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What makes an anime series a classic? Is it because it is the oldest? The most popular? Some crazy amalgamation of the two? As it stands, an anime is given classic status because it has had such a long-standing effect on the genre. A classic is a series that has gone on to inspire other creators and new shows. Whether you are just beginning the long journey into anime or have been a long-time fan, there are some shows that you should have under your belt. These shows will help you understand the fundamentals in not just other anime series, but within the genre itself.
As one of the most respected anime series in the business, it seemed only right that Cowboy Bebop should kick off this list of fundamental anime classics. Praised for everything from its unique and complex characters to its funky soundtrack by Yoko Kanno, Cowboy Bebop has earned its universal critical acclaim. Its episodic nature that eventually moves on to an overall plot follows a group of space bounty hunters that suffer from both poor luck and difficult pasts. Each episode is unique and, until near the end, a fun romp through the universe.
Like Cowboy Bebop, Neon Genesis Evangelion is one of those series that really stays with you even long after you have completed it. Set in future Tokyo fifteen years after an apocalyptic cataclysm, Neon Genesis Evangelion tells the story of the Nerv agency that possesses the only weapon effective against the catastrophic angels that land and ravage the Earth. It is a series that not only features satisfying action, but delves deep into the psyche of the fragile child pilots that adults force to fight. Its exploration of both psychological and philosophical themes has kept people thinking about it since its very first premiere.
Every anime fan needs at least one Gundam series under their belt. Unfortunately, the Gundam multiverse is very long and VERY confusing. You can jump in just about anywhere, but there will be a few pieces of back story about the universe that you will probably miss out on. It is best to start out with the original series, Mobile Suit Gundam, then work your way from there. It provides an excellent base and serves as the show that really established the mecha genre.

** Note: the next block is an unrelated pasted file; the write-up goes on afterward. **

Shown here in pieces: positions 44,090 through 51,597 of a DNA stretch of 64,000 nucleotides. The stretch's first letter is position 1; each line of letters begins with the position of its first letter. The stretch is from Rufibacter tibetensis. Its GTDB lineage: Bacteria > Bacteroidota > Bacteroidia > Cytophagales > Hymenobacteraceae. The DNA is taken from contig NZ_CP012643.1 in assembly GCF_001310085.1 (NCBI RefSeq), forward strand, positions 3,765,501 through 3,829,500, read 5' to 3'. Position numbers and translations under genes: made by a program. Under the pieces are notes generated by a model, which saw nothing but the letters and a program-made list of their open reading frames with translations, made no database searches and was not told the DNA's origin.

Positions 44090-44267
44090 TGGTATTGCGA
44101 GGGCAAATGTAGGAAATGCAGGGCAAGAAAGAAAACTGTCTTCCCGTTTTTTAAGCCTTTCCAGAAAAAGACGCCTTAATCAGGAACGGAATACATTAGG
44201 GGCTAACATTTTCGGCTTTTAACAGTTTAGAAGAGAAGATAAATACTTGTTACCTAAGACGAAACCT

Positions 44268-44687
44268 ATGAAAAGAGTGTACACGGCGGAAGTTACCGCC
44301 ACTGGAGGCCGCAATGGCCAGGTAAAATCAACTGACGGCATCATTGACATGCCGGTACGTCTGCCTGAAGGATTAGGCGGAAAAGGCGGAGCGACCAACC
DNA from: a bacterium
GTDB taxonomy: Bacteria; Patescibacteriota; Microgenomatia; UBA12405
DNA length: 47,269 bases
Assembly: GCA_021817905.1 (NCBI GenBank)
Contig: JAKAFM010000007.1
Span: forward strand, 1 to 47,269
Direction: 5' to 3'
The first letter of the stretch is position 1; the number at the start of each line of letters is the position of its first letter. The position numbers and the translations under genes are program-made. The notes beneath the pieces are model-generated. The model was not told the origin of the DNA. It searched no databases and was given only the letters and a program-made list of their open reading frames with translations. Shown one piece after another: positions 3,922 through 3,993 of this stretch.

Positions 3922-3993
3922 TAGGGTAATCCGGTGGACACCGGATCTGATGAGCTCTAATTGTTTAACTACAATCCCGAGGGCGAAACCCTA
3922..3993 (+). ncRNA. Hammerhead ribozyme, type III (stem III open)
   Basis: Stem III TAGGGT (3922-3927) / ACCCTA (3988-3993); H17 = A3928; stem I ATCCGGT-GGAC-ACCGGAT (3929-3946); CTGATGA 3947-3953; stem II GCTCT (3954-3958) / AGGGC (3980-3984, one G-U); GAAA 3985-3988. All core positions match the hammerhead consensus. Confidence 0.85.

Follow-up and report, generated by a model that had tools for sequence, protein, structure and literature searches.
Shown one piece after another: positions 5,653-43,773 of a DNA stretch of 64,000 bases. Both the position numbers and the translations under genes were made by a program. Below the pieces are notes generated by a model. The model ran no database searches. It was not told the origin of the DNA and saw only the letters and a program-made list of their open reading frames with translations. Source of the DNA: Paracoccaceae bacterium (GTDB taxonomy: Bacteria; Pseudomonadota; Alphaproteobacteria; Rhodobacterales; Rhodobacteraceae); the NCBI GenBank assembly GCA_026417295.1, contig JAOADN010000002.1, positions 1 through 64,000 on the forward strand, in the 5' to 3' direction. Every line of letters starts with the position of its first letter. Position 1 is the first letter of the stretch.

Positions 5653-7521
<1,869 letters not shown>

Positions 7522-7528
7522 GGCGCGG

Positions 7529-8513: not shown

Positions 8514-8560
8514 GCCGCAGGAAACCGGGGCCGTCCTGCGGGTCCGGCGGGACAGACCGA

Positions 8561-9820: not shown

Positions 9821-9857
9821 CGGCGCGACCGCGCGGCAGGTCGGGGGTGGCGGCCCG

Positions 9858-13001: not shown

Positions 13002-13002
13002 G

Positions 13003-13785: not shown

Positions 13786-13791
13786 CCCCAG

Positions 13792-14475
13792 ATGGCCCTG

Set in a future that has vastly advanced technology, Ghost in the Shell not only presents a complex plot, intricate world, and another superb Yoko Kanno soundtrack, it is an anime series that has surpassed the bounds of the genre and gone on to inspire sci-fi creators in other media, like the Wachowskis and their Matrix Trilogy. While occasionally a little too hard to follow, it is considered a true masterpiece in Japan and a must for fans of sci-fi and cyberpunk.
What can be so fundamental about an anime series in which every episode revolves around a guy punching some other guys in the face? While it is showing its age, Fist of the North Star signaled a change in the anime industry when it was first released. Its more realistic and devastatingly violent artwork used a face-breaking fist to bust down the walls that had been holding anime back and inviting it into a new world of exploration where it was okay for heads to explode in a spray of blood.
While at a glance, Fist of the North Star seems simple and violent, it actually goes on to explore the complexities of many things including the bonds of family and friends as well as the despair that comes with those relationships.
While not the first harem anime, Love Hina was one of the first to become relatively widespread. Ken Akamatsu is the master of vaguely perverted situations with the dangling carrot of budding romance in his series, and none display that better than Love Hina. This series created the type of romance anime that is as alluring to women as it is for men, though for different reasons. Essentially, it set the standard for the harem series.